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On view at The Met Fifth Avenue in Gallery 999

Imported from sources in the Motagua River valley of highland Guatemala, jade was the most valued material in Maya lapidary art. Rulers wore magnificent jade jewelry in life, and these ornaments accompanied them in death. The objects exhibited here were part of an elaborate belt, with three celts, or axe- shaped implements, hanging from a broad perforated bead.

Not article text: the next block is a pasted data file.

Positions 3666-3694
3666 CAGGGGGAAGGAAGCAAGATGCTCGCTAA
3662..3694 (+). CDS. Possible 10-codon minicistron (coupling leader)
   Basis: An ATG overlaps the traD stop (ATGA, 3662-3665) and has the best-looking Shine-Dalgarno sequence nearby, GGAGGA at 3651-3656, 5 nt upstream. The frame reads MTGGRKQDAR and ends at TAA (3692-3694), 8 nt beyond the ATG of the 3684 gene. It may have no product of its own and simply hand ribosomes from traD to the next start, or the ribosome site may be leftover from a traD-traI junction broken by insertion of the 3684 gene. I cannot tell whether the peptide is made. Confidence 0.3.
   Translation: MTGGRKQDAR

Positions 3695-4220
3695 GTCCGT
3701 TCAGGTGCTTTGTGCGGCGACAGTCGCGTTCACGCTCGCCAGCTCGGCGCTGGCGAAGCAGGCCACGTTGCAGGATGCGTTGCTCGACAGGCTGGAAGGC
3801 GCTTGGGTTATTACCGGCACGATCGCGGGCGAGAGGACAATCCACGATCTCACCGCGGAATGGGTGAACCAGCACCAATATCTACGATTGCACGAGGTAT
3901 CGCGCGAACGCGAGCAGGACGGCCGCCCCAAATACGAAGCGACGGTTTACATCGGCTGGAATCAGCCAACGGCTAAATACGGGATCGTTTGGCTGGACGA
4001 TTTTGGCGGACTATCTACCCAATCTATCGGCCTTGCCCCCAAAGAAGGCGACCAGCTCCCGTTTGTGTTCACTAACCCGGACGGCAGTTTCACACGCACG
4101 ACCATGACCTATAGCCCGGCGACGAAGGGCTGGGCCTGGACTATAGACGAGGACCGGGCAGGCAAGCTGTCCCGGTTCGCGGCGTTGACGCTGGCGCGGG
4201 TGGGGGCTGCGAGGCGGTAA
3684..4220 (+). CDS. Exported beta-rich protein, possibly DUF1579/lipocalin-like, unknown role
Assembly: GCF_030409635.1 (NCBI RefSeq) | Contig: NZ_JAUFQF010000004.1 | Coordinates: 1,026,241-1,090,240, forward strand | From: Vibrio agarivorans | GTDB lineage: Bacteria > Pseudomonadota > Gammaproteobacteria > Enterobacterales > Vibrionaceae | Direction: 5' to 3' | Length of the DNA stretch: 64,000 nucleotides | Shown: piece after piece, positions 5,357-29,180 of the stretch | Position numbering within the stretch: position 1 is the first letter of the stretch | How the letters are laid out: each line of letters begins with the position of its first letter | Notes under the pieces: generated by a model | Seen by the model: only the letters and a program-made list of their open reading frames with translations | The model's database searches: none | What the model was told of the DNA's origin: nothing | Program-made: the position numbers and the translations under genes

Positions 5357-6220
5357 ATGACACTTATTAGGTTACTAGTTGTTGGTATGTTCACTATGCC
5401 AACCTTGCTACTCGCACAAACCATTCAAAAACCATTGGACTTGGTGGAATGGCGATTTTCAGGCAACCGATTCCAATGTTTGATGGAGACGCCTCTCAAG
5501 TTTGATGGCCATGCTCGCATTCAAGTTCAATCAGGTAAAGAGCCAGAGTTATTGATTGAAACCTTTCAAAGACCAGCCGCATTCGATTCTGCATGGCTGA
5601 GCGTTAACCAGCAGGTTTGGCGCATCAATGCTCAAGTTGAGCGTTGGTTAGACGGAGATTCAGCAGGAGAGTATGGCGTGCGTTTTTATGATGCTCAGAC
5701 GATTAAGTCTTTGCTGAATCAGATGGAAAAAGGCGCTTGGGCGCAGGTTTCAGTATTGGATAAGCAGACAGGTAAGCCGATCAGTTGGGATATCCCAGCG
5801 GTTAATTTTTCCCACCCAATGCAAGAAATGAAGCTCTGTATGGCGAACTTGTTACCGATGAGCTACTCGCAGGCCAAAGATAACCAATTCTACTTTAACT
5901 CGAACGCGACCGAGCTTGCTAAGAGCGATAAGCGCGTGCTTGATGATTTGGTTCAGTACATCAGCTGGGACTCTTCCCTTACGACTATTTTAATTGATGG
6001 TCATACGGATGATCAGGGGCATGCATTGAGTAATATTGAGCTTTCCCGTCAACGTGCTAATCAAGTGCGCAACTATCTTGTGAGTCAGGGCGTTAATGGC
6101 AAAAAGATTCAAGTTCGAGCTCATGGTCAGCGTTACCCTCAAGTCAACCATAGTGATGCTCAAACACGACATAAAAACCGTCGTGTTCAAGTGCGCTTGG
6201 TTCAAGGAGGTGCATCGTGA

Estructura F8-1, El Zotz, Guatemala
Siglo IV

El jade era el material más preciado en el arte lapidario maya y se obtenía del valle del río Motagua en el altiplano guatemalteco. Los gobernantes se ataviaban con magníficos adornos en vida, y al morir, se les enterraba con sus joyas. Estos objetos formaron parte de un complejo cinturón con tres celtas (piezas en forma de hachuela) que colgaban de una cuenta perforada.

Plaque, Jade, Maya

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© Authorized reproduction Ministerio de Cultura y Deportes de Guatemala; Museo de Arqueología y Etnología, photo by Jorge Perez de Lara